When it comes to climate change, young people lead the way, generating buzz and fighting for a better future. Today’s youth have made it their mission to improve the world for themselves and the generations to come. Anyone who has read the news recently has almost certainly heard the name Greta Thunberg. Thunberg and many others are stepping up, starting movements, and creating organizations focused on action and change.
In August 2018, fifteen-year-old Greta Thunberg made headlines as she and a group of young climate change activists skipped school and joined together in protest. They placed themselves in front of the Swedish parliament building for three weeks. Before long, their cries for action had traveled across the globe. Eventually, thousands of students began to skip school every Friday.
Her Fridays for Future movement developed, as youths worldwide started to peacefully protest government inaction on climate change and bring attention to the critical state of our environment. Greta has organized Global Climate Strikes, received several honors and awards, including the youngest Time Person of the Year, and has even driven awareness by sailing alone across the Atlantic from Europe to New York.
As another climate change truant, seventeen-year-old Xiye Bastida also skips school on Fridays as part of the Fridays for Future movement. A Mexican native, her family moved to New York in 2015. After arriving, Xiye started an environmental club at her school and became part of several organizations focused on climate action, including the People’s Climate Movement, the Sunrise Movement, and Extinction Rebellion. She has also spoken at the United Nations several times and participated in organizing a Global Climate Strike.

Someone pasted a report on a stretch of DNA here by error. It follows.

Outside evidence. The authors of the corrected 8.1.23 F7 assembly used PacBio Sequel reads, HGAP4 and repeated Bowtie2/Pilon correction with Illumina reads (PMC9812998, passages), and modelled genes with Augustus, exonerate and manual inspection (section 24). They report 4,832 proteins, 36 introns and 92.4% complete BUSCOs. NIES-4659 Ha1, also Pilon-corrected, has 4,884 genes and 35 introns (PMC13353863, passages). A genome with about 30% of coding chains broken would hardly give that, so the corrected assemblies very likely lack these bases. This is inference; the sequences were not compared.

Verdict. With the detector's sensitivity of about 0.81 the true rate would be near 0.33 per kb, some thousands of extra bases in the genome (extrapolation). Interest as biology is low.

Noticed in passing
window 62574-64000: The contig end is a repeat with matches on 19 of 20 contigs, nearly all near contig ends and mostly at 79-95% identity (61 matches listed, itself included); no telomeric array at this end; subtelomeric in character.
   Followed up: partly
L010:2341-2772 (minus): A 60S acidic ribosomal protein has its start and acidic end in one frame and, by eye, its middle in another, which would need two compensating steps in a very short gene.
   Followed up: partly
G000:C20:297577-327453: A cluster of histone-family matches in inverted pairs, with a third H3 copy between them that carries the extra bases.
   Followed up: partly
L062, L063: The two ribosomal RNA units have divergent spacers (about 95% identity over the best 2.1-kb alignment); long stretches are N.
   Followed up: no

Ugandan teen Leah Namugerwa is another ambassador of Fridays for Future. She became concerned about the harmful effects of plastics and has witnessed the impact of climate change locally in mudslides and flooding. Despite facing criticism and a lack of institutional support, she protested for Kampala’s climate action. Furthermore, she planted hundreds of trees for her birthday. Inspired to take action, Leah has met with foreign ambassadors, Uganda’s speaker of parliament, and attended climate change conferences in several countries.
Campaigning for Change
This is Zero Hour was started in 2017 by Jamie Margolin, Nadia Nazar, Madelaine Tew, and Zanagee Artis, after becoming frustrated by the inaction of elected officials on climate change. In 2018, Zero Hour was responsible for the first D.C. Youth Climate March.
Seventeen-year-old Jamie Margolin has lobbied state lawmakers and joined together with a group of young people to sue Governor Jay Inslee and Washington state over greenhouse-gas emissions. Her first book, Youth to Power, is scheduled to hit bookstores around the globe sometime this year.
Nadia Nazar is the co-founder, co-executive director, and art director of This Is Zero Hour. Nazar has helped to organize Climate Strikes in D.C. and has spoken at the United Nations Headquarters and testified in Congress about climate change. She was also named one of the 2018 Top 25 Women Changing the World by People Magazine.
These young people, and many others, are putting the climate change movement front and center on the international stage. They are building bridges and creating movements that are spreading worldwide. A young girl in Sweden decided to make a stand, and when she did, a girl in Uganda began to fight for change, too.
What started as a schoolkid protest has resulted in global change. We are in the middle of a climate change revolution, and the youth are leading the charge. A single spark can set the world on fire, and these young activists show us exactly how brightly that fire can burn.